White House says US has not declared war on DPRK

Editor:Sharon Lee
Source:嶄忽晩烏
Updated:2017-09-26 09:39:28

  NEW YORK - The United States has not declared war on the Democratic People's Republic of Korea (DPRK), the White House said on Monday, in response to remarks of the DPRK's top diplomat.

  "Last weekend, Trump claimed that our leadership wouldn't be around much longer. He declared a war on our country," Ri Yong-ho, the DPRK foreign minister, told reporters earlier in New York.

  "The whole world should clearly remember it was the US who first declared war on our country," Ri said, referring to Trump's tweet message on Saturday.

  In response, the White House denied that the United States had declared war on Pyongyang.

  "We have not declared war on North Korea and frankly the suggestion of that is absurd," White House spokesperson Sarah Sanders told a regular briefing in Washington.

  "Our goal is still the same. We continue to seek the peaceful denuclearization of the Korean Peninsula," she said.

  The DPRK foreign minister also said that the DPRK reserved the right to take countermeasures, including shooting down U.S. bombers even if they are not in its air space.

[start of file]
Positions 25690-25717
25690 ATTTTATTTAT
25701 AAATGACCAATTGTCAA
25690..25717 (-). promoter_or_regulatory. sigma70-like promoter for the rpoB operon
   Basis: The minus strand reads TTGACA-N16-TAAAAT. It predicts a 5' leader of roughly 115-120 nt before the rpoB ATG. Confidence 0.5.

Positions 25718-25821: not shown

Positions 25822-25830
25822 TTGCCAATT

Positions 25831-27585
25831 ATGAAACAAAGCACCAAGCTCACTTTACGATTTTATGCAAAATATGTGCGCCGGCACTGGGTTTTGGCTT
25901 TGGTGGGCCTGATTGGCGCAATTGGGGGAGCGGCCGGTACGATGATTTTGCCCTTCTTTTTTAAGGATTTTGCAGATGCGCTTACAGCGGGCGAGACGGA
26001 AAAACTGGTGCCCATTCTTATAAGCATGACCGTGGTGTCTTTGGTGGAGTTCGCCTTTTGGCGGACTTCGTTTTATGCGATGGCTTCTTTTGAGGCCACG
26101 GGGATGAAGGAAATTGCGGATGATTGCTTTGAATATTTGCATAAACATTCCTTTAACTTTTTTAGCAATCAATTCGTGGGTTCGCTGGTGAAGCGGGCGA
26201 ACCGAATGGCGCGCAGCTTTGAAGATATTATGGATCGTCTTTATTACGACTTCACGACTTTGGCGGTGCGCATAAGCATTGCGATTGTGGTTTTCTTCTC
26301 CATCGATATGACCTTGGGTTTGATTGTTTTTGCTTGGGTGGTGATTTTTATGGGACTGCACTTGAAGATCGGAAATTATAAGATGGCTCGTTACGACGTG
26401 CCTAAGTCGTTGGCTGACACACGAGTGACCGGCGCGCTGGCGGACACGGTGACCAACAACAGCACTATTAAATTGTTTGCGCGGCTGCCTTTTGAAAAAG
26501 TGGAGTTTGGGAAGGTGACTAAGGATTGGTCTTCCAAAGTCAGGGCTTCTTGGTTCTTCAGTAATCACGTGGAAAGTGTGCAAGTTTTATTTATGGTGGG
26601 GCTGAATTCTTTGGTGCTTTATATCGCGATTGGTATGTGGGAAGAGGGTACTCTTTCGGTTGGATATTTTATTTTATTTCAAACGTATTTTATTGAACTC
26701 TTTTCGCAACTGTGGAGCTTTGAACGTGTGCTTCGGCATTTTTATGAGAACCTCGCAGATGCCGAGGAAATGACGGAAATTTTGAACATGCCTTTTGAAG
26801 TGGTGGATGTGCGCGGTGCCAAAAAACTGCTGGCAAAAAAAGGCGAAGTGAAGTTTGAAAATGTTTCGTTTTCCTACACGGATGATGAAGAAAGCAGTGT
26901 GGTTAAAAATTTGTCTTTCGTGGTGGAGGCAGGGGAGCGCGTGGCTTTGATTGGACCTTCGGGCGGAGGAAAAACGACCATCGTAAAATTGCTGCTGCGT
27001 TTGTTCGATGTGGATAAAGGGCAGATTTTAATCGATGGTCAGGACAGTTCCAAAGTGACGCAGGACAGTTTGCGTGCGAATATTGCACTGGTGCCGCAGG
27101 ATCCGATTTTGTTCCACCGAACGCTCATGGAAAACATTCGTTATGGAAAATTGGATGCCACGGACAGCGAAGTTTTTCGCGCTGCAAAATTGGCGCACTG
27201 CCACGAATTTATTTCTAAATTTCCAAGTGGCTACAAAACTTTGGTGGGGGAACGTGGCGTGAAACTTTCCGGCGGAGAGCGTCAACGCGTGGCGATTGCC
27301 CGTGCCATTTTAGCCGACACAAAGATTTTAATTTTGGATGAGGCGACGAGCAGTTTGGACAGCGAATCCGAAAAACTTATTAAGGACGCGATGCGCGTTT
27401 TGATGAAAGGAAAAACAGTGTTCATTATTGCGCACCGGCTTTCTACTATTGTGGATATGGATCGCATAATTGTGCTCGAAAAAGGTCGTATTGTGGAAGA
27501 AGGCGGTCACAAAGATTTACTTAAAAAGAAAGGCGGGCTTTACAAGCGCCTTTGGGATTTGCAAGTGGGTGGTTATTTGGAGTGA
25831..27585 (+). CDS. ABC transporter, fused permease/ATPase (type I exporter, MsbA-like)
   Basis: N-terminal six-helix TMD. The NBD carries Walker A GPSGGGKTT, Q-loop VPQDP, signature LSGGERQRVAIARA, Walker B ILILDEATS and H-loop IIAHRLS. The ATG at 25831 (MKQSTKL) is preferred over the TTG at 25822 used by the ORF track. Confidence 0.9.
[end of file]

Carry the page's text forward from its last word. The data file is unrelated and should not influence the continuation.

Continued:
"Since the United States declared war on our country, we will have every right to take countermeasures, including the right to shoot down US strategic bombers even when they are not inside the airspace border of our country," Ri said.

  On Saturday, U.S. Air Force B-1B Lancer bombers and F-15C Eagle fighter escorts flew in international airspace over waters east of the DPRK, the Pentagon said.

  "This is the farthest north of the Demilitarized Zone (DMZ) any US fighter or bomber aircraft have flown" off the DPRK's coast in the 21st century, said the Pentagon, adding that the move underscored "the seriousness with which we take DPRK's reckless behavior."

  U.S. President Donald Trump also talked tough on the DPRK. In his first speech at the UN General Assembly on Sept. 19, Trump threatened that the United States "will have no choice than to totally destroy" the country unless Pyongyang refrains from its nuclear tests and missile launches.

  Two days later, Trump also signed a new order to ramp up sanctions on the DPRK.

  In response, DPRK's top leader Kim Jong Un vowed to retaliate, saying Trump "will face results beyond his expectation."

  In a statement released on Friday, Kim said "I am now thinking hard about what response he could have expected when he allowed such eccentric words to trip off his tongue," according to the official Korean Central News Agency.

  Kim also accused Trump of uttering "unprecedented rude nonsense that one has never heard from any of his predecessors," saying the threat to "totally destroy" a sovereign state has gone beyond the limit.